BURLINGTON — The last few weeks have been a rollercoaster ride for Beth Sachs and Blair Hamilton, co-founders of the Vermont Energy Investment Corporation (VEIC), a national leader in promoting energy efficiency and renewable technologies. For the first time ever, the private nonprofit organization got written up in both The New York Times and the Boston Globe. Last week, the American Council for an Energy-Efficient Economy ranked Vermont number one for its energy-efficiency policies, largely due to the efforts of VEIC’s Efficiency Vermont program. Two days later, Governor Jim Douglas vetoed H.520, a comprehensive climate-change bill that would have greatly expanded Efficiency Vermont’s mission to cover all fuels, not just electricity.
Sachs and Hamilton believe it was the devastation from Hurricane Katrina that hammered home the dire consequences of global climate change and the urgency of VEIC’s mission to reduce the social, economic and environmental costs of energy consumption. “Blair and I have worked together in this field for 35 years,” she says. “And this is the most seriously people have ever taken the threat to the environment.”
Not surprisingly, VEIC is growing, big time. As the organization celebrates its 20th anniversary this year, utility companies, businesses, municipalities and the general public are finally getting the message that the oft-maligned field of energy conservation is the wave of the future.
In the next year, VEIC plans to expand its staff from 110 employees to about 150, taking over additional office space at its South Champlain Street headquarters in Burlington and spreading a message of smart energy consumption from the Hamptons to Hanoi.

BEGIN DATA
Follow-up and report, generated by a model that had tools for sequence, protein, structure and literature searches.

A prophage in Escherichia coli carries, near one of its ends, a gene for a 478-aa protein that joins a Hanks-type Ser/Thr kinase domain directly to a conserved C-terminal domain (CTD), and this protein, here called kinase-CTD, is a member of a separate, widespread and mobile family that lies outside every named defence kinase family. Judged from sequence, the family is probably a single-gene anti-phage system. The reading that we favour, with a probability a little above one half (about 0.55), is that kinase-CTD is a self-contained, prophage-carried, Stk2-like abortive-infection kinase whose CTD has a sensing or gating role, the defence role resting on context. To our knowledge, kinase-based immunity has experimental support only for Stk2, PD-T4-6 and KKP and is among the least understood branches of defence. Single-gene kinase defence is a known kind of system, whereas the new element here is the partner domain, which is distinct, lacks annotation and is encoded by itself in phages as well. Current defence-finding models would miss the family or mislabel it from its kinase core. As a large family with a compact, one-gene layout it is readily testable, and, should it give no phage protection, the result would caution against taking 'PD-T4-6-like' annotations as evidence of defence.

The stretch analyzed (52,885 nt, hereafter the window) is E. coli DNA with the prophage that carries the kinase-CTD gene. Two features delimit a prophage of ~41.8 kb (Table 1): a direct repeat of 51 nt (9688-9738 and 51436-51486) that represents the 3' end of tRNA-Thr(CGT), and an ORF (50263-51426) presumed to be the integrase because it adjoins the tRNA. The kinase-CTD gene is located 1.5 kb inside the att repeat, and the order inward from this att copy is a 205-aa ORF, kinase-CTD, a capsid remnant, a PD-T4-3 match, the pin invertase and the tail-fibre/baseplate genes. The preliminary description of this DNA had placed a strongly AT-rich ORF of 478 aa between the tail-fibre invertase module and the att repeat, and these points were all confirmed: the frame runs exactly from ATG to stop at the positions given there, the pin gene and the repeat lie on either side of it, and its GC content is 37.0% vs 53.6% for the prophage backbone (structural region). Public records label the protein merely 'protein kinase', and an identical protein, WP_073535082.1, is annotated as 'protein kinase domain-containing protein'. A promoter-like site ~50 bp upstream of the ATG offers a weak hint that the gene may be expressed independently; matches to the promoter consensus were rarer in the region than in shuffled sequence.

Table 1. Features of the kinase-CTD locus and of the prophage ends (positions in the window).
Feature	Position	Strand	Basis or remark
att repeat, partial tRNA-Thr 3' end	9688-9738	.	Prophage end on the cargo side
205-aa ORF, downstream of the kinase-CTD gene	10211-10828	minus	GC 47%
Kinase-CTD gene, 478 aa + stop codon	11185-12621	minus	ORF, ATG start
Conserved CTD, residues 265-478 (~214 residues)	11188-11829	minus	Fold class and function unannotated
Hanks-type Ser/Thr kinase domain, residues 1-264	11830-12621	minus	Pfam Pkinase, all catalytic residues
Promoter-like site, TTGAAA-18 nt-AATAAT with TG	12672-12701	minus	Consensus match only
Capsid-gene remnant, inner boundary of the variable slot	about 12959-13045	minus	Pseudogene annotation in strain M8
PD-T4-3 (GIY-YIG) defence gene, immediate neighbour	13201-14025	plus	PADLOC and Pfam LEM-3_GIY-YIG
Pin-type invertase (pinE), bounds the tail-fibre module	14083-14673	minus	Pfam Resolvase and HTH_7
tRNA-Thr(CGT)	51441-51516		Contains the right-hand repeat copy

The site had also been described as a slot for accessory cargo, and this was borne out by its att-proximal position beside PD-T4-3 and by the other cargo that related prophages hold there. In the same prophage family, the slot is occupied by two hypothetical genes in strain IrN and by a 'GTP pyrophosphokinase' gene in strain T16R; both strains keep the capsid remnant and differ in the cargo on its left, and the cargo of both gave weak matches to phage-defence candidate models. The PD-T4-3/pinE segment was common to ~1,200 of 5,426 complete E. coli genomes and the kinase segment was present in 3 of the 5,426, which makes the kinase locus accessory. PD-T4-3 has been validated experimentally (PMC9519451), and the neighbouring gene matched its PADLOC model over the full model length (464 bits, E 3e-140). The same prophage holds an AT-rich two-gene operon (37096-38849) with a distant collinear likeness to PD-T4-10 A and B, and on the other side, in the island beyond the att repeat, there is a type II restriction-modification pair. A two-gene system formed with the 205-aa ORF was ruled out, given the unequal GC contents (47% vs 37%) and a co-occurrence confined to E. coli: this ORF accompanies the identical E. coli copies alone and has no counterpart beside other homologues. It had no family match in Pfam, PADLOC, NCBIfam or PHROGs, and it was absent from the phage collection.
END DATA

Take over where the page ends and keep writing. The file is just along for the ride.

At least some of that growth, explains Hamilton, VEIC’s policy director, is the result of state legislation that passed last year, which raised the cap on how much Vermont ratepayers will invest in energy efficiency — from $17.5 million to $30.75 million by 2008. And as Hamilton emphasizes, Vermont’s electricity ratepayers aren’t “funding” energy efficiency so much as “investing” in it.
The difference, he explains, is more than mere semantics. When a utility builds a power plant, “They’re spending ratepayer funds to meet our electrical needs — in utility speak, that’s ‘resource acquisition,’” Hamilton explains. That’s what Efficiency Vermont is doing, too.
As the nation’s first energy-efficiency “utility,” Efficiency Vermont is occasionally scrutinized, and criticized, for its growth. But, unlike with some government contracts, there are serious financial consequences if the organization fails to deliver the goods. By December 2008, Efficiency Vermont has a goal of reducing Vermont’s peak summer and peak winter demand by 40 megawatts each, out of a statewide total of about 1000 megawatts. That’s roughly the output of the McNeil Generating Plant.
One way of accomplishing that goal, Hamilton explains, will be to target four geographic regions in the state where rising electricity demand is putting undue stress on the power grid. Those regions include northern Chittenden County, the St. Albans area, the Newport/Derby region along Route 5, and the so-called “southern loop,” which encompasses Manchester, Stratton and north Bennington.
What Efficiency Vermont hopes to accomplish, Hamilton says, is to stabilize and possibly even reduce electricity demand in those regions through aggressive efficiency efforts that can defer or possibly even avoid the need for building new power lines, transformers and substations.
“It’s a little bit of an experiment,” Hamilton explains. “This is a whole new thing that’s never been done before in the country. Vermont is, again, getting out front.”